The first mention of #OccupyWallStreet comes from a post in AdBusters in July. Stating that money has more influence over politicians than constituents, it calls for “DEMOCRACY NOT CORPORATOCRACY.” It also says the blossoming movement is “a step beyond the Tea Party movement, where, instead of being caught helpless by the current power structure, we the people start getting what we want…”
Here’s a well-produced video by #OccupyWallSt interviewing protestors. Nice to see folks of all colors and races in this video.
It’s true. We have bailed out the banks while they continue to look for more ways to take our money. At the same time, we are cutting off access to affordable healthcare and education. We are perpetually at war. And something in my heart tells me all this happens because the corporations control the politicians. Instead of listening to the will of the people, our politicians give their ear to the corporations, the sound of cha-ching deafening the cries of the people.
It reminds me of one of George Carlin’s last stand-up routines, particularly these:
Taking that lens and focusing it on Austin, I have to question what our local government is doing to make this place a city in which common folk can live. They are doing so much to woo big corporations with tax cuts, and simultaneously courting the rich to move here. That leads to higher property taxes, which in turn, get passed on to renters. This pushes common folk further outside the city. And since the public transit in our city sucks, people have to spend more money, driving longer distances.
As it turns out, there is an Occupy Austin. And they plan on occupying City Hall starting this Thursday, October 6th, at 3PM.
But I’m still a little skeptical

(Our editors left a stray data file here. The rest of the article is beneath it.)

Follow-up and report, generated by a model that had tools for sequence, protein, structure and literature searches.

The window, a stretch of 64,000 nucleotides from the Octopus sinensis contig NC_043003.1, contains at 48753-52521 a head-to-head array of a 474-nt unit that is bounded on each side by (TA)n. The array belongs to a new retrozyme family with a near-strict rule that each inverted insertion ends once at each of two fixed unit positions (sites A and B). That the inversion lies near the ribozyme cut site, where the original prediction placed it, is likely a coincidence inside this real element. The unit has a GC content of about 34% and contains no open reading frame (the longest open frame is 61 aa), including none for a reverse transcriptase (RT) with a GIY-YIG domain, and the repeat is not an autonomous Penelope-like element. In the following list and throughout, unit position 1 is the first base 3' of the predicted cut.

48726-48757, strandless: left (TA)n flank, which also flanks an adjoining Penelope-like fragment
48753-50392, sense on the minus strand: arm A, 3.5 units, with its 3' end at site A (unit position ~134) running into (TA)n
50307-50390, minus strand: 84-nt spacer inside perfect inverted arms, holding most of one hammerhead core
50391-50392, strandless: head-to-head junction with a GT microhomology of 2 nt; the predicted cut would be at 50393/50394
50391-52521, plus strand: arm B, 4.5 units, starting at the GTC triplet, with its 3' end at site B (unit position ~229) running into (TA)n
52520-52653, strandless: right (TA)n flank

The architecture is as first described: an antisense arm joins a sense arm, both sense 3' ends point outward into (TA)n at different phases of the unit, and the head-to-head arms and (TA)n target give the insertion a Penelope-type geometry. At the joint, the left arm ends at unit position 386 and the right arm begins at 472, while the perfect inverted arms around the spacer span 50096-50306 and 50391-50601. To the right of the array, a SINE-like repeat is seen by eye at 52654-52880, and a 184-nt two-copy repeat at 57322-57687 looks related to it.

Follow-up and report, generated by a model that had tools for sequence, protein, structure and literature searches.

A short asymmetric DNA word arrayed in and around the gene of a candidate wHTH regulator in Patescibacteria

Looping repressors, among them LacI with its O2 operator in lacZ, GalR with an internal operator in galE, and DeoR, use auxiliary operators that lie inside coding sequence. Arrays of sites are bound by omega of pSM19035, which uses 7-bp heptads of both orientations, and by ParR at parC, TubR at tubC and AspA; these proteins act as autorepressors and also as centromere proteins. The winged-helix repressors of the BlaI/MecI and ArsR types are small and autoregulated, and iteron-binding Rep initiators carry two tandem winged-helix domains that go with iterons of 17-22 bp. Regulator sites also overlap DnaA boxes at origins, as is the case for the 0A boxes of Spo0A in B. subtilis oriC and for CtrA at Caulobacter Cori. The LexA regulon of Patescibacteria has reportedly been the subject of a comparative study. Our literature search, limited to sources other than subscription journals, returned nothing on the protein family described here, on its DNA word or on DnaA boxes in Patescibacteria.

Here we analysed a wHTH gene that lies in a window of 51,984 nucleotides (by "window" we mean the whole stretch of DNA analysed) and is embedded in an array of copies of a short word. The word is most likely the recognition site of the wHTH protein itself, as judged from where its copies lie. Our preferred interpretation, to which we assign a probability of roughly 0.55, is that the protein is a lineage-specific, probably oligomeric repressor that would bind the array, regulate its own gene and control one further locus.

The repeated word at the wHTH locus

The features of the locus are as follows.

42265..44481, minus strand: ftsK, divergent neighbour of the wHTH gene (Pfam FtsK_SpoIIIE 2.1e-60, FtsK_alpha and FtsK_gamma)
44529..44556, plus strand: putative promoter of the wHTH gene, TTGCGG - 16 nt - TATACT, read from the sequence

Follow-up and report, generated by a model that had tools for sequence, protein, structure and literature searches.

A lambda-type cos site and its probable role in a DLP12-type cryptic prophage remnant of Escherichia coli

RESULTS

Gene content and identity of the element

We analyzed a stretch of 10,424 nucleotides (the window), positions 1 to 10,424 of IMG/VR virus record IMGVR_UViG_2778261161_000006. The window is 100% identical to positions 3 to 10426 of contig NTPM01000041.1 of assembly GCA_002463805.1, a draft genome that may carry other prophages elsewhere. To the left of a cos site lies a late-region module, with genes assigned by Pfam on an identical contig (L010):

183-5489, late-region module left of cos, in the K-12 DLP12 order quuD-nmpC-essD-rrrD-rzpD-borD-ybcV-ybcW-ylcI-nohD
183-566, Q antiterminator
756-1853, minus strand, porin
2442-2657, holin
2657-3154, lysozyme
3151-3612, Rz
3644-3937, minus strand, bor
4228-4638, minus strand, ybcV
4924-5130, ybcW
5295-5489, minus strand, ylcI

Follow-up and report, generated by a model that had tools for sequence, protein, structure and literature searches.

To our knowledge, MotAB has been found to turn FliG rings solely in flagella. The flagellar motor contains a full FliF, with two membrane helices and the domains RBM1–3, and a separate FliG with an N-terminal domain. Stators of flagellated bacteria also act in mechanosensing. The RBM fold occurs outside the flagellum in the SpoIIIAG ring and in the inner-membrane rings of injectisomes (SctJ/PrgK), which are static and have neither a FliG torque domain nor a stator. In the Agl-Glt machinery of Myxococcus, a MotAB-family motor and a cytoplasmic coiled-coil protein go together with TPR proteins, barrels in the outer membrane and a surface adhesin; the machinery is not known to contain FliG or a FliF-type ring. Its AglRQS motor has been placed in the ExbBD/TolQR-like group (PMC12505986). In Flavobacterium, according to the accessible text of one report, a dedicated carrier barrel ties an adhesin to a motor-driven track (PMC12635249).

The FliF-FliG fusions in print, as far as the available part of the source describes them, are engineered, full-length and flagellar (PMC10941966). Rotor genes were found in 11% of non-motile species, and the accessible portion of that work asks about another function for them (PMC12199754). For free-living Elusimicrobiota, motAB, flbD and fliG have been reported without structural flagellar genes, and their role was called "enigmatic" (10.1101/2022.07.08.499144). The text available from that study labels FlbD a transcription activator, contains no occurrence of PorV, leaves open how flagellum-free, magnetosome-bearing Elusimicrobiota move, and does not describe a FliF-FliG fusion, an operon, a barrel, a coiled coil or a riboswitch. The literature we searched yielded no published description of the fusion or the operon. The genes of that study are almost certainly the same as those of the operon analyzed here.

I’m a little skeptical of these mass movements. Working in marketing, I know how well strong messages, emotional appeals, or branding can influence people. Like many of y’all, I voted for Obama. His message of change seemed to resonate with my feelings at the time. But ‘change’ is an abstract goal. 3 years later, I ask myself what kind of change he brought.
This post from last Thursday is a list of the demands from #OccupyWallStreet. With more than 25 grievances, it doesn’t feel focused. Remember when someone would run for Student Government back in high school, and they’d promise everything just to get you to vote–even stuff you know could never happen, like shorter classes and shit. That’s what this feels like. If they had 3-5 focused goals, it would help me understand what they wanted and where they wanted to take this movement.
On #OccupyWallStreet’s reddit, a Tea Party veteran gives the #OccupyWallStreet people some advice based on lessons he learned from his experience with the founding of the Tea Party. He makes many valid points, including the idea that the cause can get co-opted by people in already in power or corrupted by large donations from people who aren’t actually in support of the cause. And then there’s this post from Alex Jones looking at where the money funding #OccupyWallSt is coming from.
Overall, I think we as Americans need to have these discussions. Big corporations, to me, have too much influence on politicians. And while the gap between the upper class and the rest of us widens, we need to ensure that we have a seat at the table so that the cost of living doesn’t get out of control–especially here in Austin. But I’m really worried that this may be another movement that will be co-opted, funded or manipulated like the Tea Party was–or maybe its all-encompassing messaging will again capture the minds of the disenfranchised (ala Obama’s Change) and then lead to nothing, making us feel more powerless to enact any real change.
That said, #OccupyWallStreet hasn’t had a chance to define itself yet. It’s still young–and the concepts are really exciting. We’ll see over the course of the next few weeks how things develop.
Ultimately, if you think it’s about Democrats vs Republicans, you’re stuck in a period of time that no longer exists. It’s about big money vs the people. And for me, a “democratic movement” propped up and funded by NGO’s–regardless of political affiliation–is not a real democratic movement that comes from the people. I hope this one is legit.